“Ninth Tableau: How monochrom went out into the world, acquiring Amish hats in the United States, scoping out the situation and hatching underhanded plans”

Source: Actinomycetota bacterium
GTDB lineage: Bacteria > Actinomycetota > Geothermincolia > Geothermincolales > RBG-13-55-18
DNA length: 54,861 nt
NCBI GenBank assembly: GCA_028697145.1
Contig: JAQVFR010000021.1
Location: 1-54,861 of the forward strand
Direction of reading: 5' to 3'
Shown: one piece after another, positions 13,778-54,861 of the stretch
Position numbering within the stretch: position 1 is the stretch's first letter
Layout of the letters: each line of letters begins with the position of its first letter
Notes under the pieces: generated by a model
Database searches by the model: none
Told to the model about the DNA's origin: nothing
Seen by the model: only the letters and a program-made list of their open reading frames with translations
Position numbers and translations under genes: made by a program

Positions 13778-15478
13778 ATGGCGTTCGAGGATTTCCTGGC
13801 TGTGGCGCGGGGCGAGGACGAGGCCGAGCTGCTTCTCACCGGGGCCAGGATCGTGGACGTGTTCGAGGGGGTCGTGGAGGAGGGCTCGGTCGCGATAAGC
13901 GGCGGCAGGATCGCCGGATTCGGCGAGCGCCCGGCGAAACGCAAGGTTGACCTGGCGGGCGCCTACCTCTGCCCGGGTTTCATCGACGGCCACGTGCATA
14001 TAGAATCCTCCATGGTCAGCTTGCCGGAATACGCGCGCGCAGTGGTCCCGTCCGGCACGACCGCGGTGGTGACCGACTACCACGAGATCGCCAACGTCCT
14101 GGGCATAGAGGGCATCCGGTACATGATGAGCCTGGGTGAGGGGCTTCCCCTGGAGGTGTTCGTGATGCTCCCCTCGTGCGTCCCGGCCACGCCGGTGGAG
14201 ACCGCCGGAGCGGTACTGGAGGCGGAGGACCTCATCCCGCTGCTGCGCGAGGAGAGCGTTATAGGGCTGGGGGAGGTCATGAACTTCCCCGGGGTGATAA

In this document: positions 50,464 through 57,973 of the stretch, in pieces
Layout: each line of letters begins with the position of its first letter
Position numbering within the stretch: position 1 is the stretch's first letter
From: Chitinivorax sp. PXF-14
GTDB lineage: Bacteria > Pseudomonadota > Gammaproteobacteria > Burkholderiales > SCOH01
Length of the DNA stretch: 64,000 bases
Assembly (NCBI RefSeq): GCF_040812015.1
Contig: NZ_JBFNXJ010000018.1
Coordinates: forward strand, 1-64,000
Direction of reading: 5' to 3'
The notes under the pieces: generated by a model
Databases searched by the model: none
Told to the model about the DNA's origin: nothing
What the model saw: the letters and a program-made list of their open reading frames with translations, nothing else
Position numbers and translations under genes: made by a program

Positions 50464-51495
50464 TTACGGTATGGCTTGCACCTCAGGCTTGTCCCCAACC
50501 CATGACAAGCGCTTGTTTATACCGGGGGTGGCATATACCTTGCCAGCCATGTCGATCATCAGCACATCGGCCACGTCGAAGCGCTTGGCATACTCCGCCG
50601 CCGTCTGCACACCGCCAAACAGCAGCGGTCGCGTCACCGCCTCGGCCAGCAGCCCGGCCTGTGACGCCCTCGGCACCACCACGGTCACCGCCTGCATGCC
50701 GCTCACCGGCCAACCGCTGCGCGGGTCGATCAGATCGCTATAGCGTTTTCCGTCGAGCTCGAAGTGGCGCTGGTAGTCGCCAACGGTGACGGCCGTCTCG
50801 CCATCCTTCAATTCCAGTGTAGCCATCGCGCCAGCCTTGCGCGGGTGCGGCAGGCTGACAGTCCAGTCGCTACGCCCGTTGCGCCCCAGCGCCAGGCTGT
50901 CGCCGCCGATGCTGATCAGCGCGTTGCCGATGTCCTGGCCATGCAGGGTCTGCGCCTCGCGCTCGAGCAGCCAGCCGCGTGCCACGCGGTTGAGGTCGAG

The Lodge was presented in the United States of America in the course of a monochrom tour. Back in Vienna an announcement arrived from the Austrian Coca Cola headquarters calling for entries to the “Coke Light Art Edition”, a competition targeted at the usual list of creative young people under the rather promising motto “COURAGE & INDIVIDUALITY, Dare to find your own happiness”. It seemed like an open invitation that obviously made sense: the “Sun Breasts Hammer” logo, which continued to languish under an unoptimized bottom line in the economy of popular attention, could enter into a temporary alliance with Coca Cola, profiting from the attention generated by its omnipotent competitor, and maybe even garnering a sort of start-up financing from its popularity. After all, The Coca Cola Company had in the past repeatedly succeeded in becoming a topic of conversation through spectacular actions such as the murder of South American union representatives. Similarly to the relationship of the Afghan Taliban movement to the USA, a pact with Coca Cola could put “Sun Breasts Hammer” in a position where it could enter into an open conflict with the popular multinational, and in the long term maybe even replace the company’s lagging old nemesis Pepsi. Wasn’t it Voltaire, or someone like that back in those days, who said: “Competition stimulates business”!? In any case, monochrom’s management – Johannes Grenzfurthner and Günther Friesinger – and press speaker Roland Gratzer agreed on this course of action in a strategy session held on 22 April 2006. Not only did the historic Beatles profit from their competition for popularity with their competitor Jesus: correspondingly, He also benefited from the renewed attention. In his function as a historic standard of measure he was confirmed far beyond the scope of his traditional sphere of influence.